Storm clouds emerge over the U.S. economy as inflation remains resistant to Federal Reserve Bank’s restrictive policies. Inflation has two serious effects on consumers:
- Price increases without commensurate increases in wages and salaries translates into lower real income (your dollars are worth less in the market); and
- Inflation also decreases the value of your savings which are denominated in nominal dollar amounts.
(Note: If you have a portfolio which includes stocks, you may be protected against inflation, but let’s hope you picked the right stocks.)
Under the current trend of price increases it is very likely that real disposable incomes will, on average, decline. In this scenario consumer durables, including golf car-type (GCT) vehicles could take a hit.
Could market for GCT vehicles run counter to general market trends?
Conversely, the economic environment is experiencing on-going increases in the price of gasoline, the result of Administration policies which curb the supply of oil. Thus, comparing the cost of operation, plus the much lower average upfront cost of purchase, compared to a conventional vehicle, the GCT vehicle market has strong sustainability characteristics. Which of these factors—inflation negatives vs. lower cost of purchase and operation—will be the stronger holds the key to the outlook for 2023. Other factors will also impact the outlook:
- Continued positive change in consumer perceptions of GCT vehicles, positioning them in markets beyond golf;
- More public roads designated for certified LSV access;
- GCT vehicle upgrades appealing to consumer tastes and making them safer;
- Geofencing technologies conducive to mobility as a service.
Putting the pluses and possible minuses together, SVR anticipates short run growth in the market of 4.5-5% for the first half of 2023 and slightly higher for the full year.
Outlook over the long term is quite positive
Several long term demographic factors favor market growth:
- Population movement from colder northern States to a warmer climate in the South;
- Movement out of densely-populated urban centers to suburbs and smaller metropolitan areas;
- Growth of remote, home-office based occupations;
- Population aging;
- Unprecedented level of new company participants will greatly increase new vehicle supply.
Each of the above trends is long term in nature and have been emerging to varying degrees over the past decade. Each in its way lends itself to encouraging the use of GCT vehicles, whether privately-owned or used in fleets.
Population shift to the South
Looking at a sample of southern States, we see population gains over the 2010-2021 decade we see double-digit gains in population. This is in contrast to several northern States and California which experienced low single-digit increases.
Changes in Population, Selected Southern and Northern States & California From 2010 to 2021
Source: Pew Research, U.S. Census
More recently, data from 2020 and 2021 shows net outward migration for the States of New York, New Jersey, and California. The population shift appears to be not only the attractiveness of warmer weather, but is highly correlated to tax regimes, the movement being toward States with lower taxes, which also tend to be southern States.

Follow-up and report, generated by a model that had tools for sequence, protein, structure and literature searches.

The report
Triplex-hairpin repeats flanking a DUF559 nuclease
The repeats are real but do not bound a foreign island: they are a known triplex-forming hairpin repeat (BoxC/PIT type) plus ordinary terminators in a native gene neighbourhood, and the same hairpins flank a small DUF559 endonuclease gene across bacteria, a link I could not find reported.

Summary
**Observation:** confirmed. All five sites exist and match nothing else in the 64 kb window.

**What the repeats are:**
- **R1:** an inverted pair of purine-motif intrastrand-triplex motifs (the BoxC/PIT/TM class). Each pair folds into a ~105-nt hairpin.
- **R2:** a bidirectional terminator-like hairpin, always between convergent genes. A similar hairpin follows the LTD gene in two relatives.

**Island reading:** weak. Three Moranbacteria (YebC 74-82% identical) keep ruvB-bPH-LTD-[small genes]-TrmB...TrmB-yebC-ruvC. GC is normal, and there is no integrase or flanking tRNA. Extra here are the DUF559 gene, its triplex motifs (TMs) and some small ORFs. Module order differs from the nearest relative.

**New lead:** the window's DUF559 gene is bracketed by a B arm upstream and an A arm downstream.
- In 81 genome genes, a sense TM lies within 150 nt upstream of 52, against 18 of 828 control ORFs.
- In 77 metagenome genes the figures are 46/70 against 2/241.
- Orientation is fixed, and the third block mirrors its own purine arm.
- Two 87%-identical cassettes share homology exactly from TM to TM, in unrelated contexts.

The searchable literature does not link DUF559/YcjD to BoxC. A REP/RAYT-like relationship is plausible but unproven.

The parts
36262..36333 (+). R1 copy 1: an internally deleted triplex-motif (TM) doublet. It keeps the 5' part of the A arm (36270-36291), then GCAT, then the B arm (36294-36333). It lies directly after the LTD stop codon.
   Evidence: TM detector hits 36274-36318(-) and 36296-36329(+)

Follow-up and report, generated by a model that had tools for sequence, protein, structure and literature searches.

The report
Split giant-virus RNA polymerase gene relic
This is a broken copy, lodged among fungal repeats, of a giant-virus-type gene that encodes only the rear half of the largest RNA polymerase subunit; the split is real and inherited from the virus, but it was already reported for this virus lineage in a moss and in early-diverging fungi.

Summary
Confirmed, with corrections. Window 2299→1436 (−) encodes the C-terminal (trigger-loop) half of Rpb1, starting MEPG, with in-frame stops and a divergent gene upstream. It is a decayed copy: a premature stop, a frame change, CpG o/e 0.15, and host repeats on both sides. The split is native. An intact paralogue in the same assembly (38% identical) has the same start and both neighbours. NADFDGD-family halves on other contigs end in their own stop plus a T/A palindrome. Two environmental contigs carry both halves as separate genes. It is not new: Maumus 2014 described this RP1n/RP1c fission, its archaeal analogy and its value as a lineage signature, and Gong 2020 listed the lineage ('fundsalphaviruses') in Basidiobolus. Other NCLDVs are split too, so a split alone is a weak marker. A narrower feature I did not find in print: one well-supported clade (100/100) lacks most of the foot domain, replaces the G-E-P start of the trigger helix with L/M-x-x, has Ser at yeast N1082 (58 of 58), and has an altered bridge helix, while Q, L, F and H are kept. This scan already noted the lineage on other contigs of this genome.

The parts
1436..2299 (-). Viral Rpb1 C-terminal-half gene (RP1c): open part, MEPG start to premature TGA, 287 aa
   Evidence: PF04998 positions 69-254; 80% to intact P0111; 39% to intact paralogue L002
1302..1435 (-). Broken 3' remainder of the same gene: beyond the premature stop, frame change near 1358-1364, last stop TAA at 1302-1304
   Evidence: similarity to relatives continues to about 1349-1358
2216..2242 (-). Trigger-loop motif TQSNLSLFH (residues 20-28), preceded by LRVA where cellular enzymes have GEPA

Population movement out of densely-populated urban centers
The Federal Reserve Bank of Cleveland has undertaken extensive analysis of population shifts, and in particular has studied the movement of populations out of urban areas. The following graphs depict quite dramatically the net out-migration of urban migrants around the country. The graph below shows the long term trend from 2010. (The graph following after indicates a shorter trend.)
Focusing on the solid lines in the graph, which are average quarterly movements, we see clearly that out migrations (the blue line) have been systematically outpacing in-migrations (the gray line). Notably, in the 2020-2021 period of the COVID epidemic, there was a sharp uptick in out-migration and one of the few periods in which in-migration did not track the out-migration trend—in other words it declined.
Long Term Trends in Urban out-Migration and In-Migration 2010-2021
Source: Federal Reserve Bank of Cleveland
Turning to a shorter term trend, the graph below indicates net migration by age group. Two points can be made here: First, there is net out-migration in all age groups. Second, out migration of the 35-64 age group dominates. This suggests these are mature individuals and families, likely to be the highest income level of the three groups.
Monthly Net Urban Out Migrants (000s) by Age Groups, 2017-2021
Source: Federal Reserve Bank of Cleveland
The fact that better off families are moving out of urban areas to the suburbs and beyond bodes well for the GCT vehicle market. It is this demographic that is the strongest and most reliably sustainable population segment that underpins GCT vehicle demand.
Remotely-accessed work locations